Baseball's opening month has arrived, and some ballpark foodservice operations are serving up treats that go beyond the traditional hot dog and cold beer.
This season, baseball fans are being treated to local delicacies, new in-stadium restaurant-themed venues, menu items developed by local chefs and other specialties intended to reflect the character of their home team’s cities.
“We had to find new ways to delight Giants fans and reflect the incredible culinary heritage of San Francisco,” said Bill Greathouse, senior vice president for sports for Centerplate, which operates the foodservice at AT&T Park and at many other stadiums across the country.
Reflecting San Francisco’s penchant for using local products, AT&T Park offers Giants fans local beers, sundaes from a local chocolate producer and lamb burgers and sausages made with meat from Dixon, Calif., about 65 miles away.
The All-American Lamb Sausage, introduced in 2011, exceeded Centerplate’s expectations, so it's back for the 2012 season, accompanied by a lamb burger. The lamb sausage costs $6.50 and is being served at the California Cookout stations on section 106 of the Promenade level and section 314 of the View Level. The lamb burger costs $11.50 and is at the Derby Grill on the Promenade Level, section 136.
Seattle appreciates local food, too, and management at Safeco Field, home of the Mariners, teamed up with hometown chef and restaurateur Ethan Stowell last year to introduce barbecue brisket and pulled pork, as well as crêpes and tortas. This year he has introduced three new signature items:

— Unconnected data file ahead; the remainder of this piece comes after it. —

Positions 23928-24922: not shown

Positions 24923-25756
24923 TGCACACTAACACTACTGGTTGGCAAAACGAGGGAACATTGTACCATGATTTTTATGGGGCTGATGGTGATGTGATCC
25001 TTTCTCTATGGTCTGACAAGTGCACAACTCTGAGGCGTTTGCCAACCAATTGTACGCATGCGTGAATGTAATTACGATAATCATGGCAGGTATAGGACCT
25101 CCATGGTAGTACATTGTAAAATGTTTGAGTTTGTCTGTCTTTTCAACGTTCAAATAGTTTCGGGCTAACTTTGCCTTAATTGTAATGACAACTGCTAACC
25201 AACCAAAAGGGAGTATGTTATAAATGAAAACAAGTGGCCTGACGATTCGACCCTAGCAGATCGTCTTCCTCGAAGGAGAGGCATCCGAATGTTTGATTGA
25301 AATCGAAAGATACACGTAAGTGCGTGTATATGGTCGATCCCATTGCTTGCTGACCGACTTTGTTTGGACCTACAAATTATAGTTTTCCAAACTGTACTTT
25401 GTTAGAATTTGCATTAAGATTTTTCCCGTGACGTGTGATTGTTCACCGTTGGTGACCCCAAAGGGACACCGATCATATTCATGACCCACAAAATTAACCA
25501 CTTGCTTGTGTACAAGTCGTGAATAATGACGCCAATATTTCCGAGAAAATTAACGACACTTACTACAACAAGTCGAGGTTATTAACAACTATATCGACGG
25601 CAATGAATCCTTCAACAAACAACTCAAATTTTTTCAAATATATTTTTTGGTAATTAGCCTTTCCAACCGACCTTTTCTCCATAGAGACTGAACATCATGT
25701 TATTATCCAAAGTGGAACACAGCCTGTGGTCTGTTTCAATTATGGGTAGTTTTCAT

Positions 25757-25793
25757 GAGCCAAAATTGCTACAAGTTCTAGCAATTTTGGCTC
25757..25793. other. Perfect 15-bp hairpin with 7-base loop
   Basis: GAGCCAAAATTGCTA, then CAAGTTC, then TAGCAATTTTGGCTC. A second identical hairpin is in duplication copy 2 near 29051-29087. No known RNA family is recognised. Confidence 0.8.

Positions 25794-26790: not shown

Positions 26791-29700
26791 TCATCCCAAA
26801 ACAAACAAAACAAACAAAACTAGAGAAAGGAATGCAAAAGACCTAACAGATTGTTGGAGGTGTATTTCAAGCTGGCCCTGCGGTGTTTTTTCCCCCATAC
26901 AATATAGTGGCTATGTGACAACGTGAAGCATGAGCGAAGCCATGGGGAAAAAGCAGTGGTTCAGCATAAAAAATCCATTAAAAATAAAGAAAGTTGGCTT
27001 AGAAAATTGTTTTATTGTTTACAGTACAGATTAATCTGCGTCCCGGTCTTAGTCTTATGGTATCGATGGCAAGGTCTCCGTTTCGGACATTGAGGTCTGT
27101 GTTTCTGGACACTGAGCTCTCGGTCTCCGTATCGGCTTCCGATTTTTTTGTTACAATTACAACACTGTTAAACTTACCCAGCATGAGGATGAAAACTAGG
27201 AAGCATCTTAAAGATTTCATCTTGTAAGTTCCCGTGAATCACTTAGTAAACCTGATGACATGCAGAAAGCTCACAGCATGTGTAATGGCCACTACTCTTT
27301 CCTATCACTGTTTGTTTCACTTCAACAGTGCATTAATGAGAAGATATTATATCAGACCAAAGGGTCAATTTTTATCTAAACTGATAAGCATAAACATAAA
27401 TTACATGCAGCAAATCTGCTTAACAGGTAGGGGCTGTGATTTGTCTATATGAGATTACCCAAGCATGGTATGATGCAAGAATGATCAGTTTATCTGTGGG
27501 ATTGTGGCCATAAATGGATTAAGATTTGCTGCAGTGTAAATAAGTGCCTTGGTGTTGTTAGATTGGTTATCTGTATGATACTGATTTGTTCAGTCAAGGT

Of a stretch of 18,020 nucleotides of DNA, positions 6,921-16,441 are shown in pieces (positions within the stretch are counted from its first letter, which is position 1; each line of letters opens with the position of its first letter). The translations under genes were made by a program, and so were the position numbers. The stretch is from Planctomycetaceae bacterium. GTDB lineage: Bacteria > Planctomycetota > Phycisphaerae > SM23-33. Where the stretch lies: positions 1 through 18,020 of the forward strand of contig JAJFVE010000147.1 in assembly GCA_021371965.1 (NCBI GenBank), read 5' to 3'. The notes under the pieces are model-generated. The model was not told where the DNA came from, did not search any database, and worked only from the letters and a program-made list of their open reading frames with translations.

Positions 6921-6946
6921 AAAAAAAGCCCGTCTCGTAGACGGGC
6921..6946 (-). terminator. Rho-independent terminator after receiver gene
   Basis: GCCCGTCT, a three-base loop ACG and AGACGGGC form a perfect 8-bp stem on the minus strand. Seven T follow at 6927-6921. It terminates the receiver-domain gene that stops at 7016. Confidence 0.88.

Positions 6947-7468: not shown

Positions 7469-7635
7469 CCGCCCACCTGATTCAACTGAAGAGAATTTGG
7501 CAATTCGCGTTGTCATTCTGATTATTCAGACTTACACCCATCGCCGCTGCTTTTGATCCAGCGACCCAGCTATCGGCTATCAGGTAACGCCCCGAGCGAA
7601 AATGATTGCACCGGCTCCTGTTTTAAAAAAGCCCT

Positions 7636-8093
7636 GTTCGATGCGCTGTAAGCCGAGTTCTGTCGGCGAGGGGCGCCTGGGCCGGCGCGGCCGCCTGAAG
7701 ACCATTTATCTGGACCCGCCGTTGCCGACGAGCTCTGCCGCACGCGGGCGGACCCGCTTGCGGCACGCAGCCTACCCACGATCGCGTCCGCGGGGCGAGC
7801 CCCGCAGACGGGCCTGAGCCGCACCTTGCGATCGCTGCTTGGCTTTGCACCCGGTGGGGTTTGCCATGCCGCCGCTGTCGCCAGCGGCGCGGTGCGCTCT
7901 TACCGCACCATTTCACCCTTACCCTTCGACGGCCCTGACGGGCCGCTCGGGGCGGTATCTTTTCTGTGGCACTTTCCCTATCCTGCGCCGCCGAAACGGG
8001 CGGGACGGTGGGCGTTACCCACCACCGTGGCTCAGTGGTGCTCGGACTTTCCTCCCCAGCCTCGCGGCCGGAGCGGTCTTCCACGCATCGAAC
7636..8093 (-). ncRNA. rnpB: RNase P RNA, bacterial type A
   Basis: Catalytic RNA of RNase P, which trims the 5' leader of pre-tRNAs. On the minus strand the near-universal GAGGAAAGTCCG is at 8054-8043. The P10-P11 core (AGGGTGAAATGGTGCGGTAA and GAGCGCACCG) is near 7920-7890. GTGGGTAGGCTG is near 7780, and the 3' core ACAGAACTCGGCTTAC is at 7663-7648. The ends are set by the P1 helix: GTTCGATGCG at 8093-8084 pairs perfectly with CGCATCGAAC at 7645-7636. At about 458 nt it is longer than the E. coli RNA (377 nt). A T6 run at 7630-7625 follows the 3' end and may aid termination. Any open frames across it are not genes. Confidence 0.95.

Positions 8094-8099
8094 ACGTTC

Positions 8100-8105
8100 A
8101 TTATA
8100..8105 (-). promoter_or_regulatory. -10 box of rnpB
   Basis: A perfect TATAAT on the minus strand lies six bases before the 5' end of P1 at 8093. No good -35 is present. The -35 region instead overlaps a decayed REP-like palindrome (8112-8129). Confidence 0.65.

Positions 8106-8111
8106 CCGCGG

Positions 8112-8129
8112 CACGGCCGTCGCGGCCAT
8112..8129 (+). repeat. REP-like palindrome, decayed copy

• Local Italian sausage, grilled onions and banana peppers on a bun, for $8.50
• Cheddar bratwurst with sauerkraut (braised in Washington state Riesling) on a bun, for $8.50
• Local grass-fed beef with shredded iceberg lettuce, American cheese, sliced tomato and burger sauce on a potato bun for $6.75
The sausages are available at Double Play Sausage + Chicken, at sections 136 and 340. The burgers are at section 106.
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Tampa Bay Rays fans can enjoy The Cuban Burger at the Burger Up! stand at Tropicana Field, which was introduced to the stadium’s First Base Food Court last year. A variation on the Cuban sandwich popular throughout the state of Florida, the burger is made of two quarter-pound hamburger patties topped with ham, pork, salami, Swiss cheese, mustard and pickles, served on Cuban bread. It’s $13 with fries.
Taco Mac, a 27-unit chain based in Atlanta, scored a promotional home run this year with the Taco Mac Family Zone at Turner Field, which debuted on this season’s opening day for the Braves in the space previously occupied by Cartoon Network’s Tooner Field.
“It’s a promotional vehicle for us,” said Bruce Skala, vice president for marketing of Tappan Street Restaurant Group, parent company of Taco Mac. He noted that the space doesn’t serve food, but it does feature Major League Baseball’s first Coca-Cola Freestyle machines, which fans can use for $5 per drink.
The family-oriented venue also features a tree house where kids can play with a giant tomahawk and slide down the Taco Mac buffalo slide.
Braves fans also can get in on the culinary styling of local chef Kevin Rathbun, who has opened a Kevin Rathbun Steak concession in Section 203 through the field’s foodservice operator, Aramark. He’s offering just one item: a New York Strip steak sandwich on a brioche bun with au jus and horseradish mayonnaise, for $15 with kettle chips.
“I just thought it was a good idea,” Rathbun said. “I liked the sandwich so much and I like to see the Braves on occasion, and I thought, why not get my own steak sandwich when I’m there?”